‘Tender Age Shelters’

A view of inside US CBP detention facility shows children at Rio Grande Valley Centralized Processing Center in Texas

‘Tender Age Shelters’ must be one of the most diabolical euphemisms I’ve ever heard, right up there with ‘ethnic cleansing,’ ‘peace-keeping forces,’ and ‘correctional facility.’

George Orwell (author of 1984) famously warned us that language can be dangerous, especially in the hands of politicians, bureaucrats, and others who use language to assert and maintain their power. Others have put the issue more bluntly, claiming that the use of euphemistic language kills democracy. Some people call this ‘sophistry’ which involves a kind of emotional manipulation for devious purposes.

There is nothing wrong with emotional appeal in an argument, so long as the appeal arises organically from the subject matter and doesn’t disguise the subject matter for purposes of manipulation, misdirection or extracting a profit.

A concern for language and democracy is said to fuel the criticism of political correctness (PC); however, the real fuel seems to be those good old prejudices and us/them binary thinking.

Euphemism becomes magical in its ability to appear to mean one thing when really talking about something else. Think of those famous ‘dog whistles,’ the reference to racist comments supposedly only racists can hear. Euphemisms were in use well before a Trump Administration was being dreamed of by anyone other than the Orange Overlord himself. And euphemisms don’t really fool anyone. It’s the frequency of their use that deafens us to the lies and brutality they are meant to ‘pretty up.’

Examples are abundant: words and phrases like “collateral damage” in reference to civilians killed by military action, “surgical precision” to describe bombing raids, “enhanced interrogation techniques” to describe torture, or any word or phrase that dehumanizes and brutalizes people and emphasizes our differences. We no longer use the phrase “mental retardation” and instead prefer to use words like “disabled” or “challenged.” No more firemen, instead firefighters. I’m sure you can think of your own favorite examples. If the problem of distorted meaning is a matter that has been on the back burner for a while, it is now boiling over with a new energetic fury.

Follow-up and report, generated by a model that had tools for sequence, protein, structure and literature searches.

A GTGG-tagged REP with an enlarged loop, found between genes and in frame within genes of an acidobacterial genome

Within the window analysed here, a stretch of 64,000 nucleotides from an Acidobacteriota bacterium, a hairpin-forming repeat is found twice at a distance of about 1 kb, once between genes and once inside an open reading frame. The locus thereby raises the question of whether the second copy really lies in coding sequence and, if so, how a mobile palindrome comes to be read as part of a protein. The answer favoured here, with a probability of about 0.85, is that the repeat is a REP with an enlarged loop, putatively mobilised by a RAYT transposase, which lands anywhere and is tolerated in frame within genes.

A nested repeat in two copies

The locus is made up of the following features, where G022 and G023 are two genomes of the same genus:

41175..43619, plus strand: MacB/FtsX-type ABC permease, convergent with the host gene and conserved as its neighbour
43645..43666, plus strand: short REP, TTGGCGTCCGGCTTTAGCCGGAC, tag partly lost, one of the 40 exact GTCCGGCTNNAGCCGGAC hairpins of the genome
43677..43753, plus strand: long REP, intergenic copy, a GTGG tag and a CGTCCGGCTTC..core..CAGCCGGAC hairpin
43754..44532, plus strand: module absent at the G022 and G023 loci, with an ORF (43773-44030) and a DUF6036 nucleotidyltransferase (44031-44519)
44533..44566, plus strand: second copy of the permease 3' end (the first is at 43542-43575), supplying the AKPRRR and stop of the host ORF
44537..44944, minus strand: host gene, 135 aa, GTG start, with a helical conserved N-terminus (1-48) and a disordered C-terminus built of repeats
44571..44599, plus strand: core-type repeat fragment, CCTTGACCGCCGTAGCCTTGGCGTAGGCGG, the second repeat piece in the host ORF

I tend to resist being told what to say and how to say it, but in the case of PC I’m willing to try to use language to put human beings first instead of to emphasize an arbitrary category. Put the person before the disability, put the person before their sex, their age, their color, nationality, beliefs, etc. Seems reasonable to me, a reminder that being human is why we’re here and not to fill a pre-defined place inside some large, arbitrary grouping we’ve been assigned to for purposes of political identification, cultural stereotyping, and commercial exploitation.

Consider the shifts of meaning our culture is imposing on these words and phrases, for example:

wall: apparently a wall can be anything from a fortress-like barrier to a few rottweilers

alternative facts: “I’m more interested in ideology than facts”

executive time: playing virtual golf in a $50K golf simulator installed in the White House

fake news: a disagreeable account of an event or person I like from a source I don’t like

national emergency: an unfulfilled campaign promise

make America great again: “make America white again”

tender age shelters: holding children in cages at the southern US border


Iris Murdoch (philosopher and novelist) on the importance of precise language:

“The quality of a civilisation depends upon its ability to discern and reveal truth, and this depends upon the scope and purity of its language.

“Any dictator attempts to degrade the language because this is a way to mystify. And many of the quasi-automatic operations of capitalist industrial society tend also toward mystification and the blunting of verbal precision.”

When language is used for mystification rather than illumination, trouble is brewing.

Author: Craig Butcher

Craig Butcher is an award-winning educator who has taught critical thinking skills for more than two decades. In addition, he has worked on Capitol Hill as a congressional staffer and has been a top-rated broadcaster.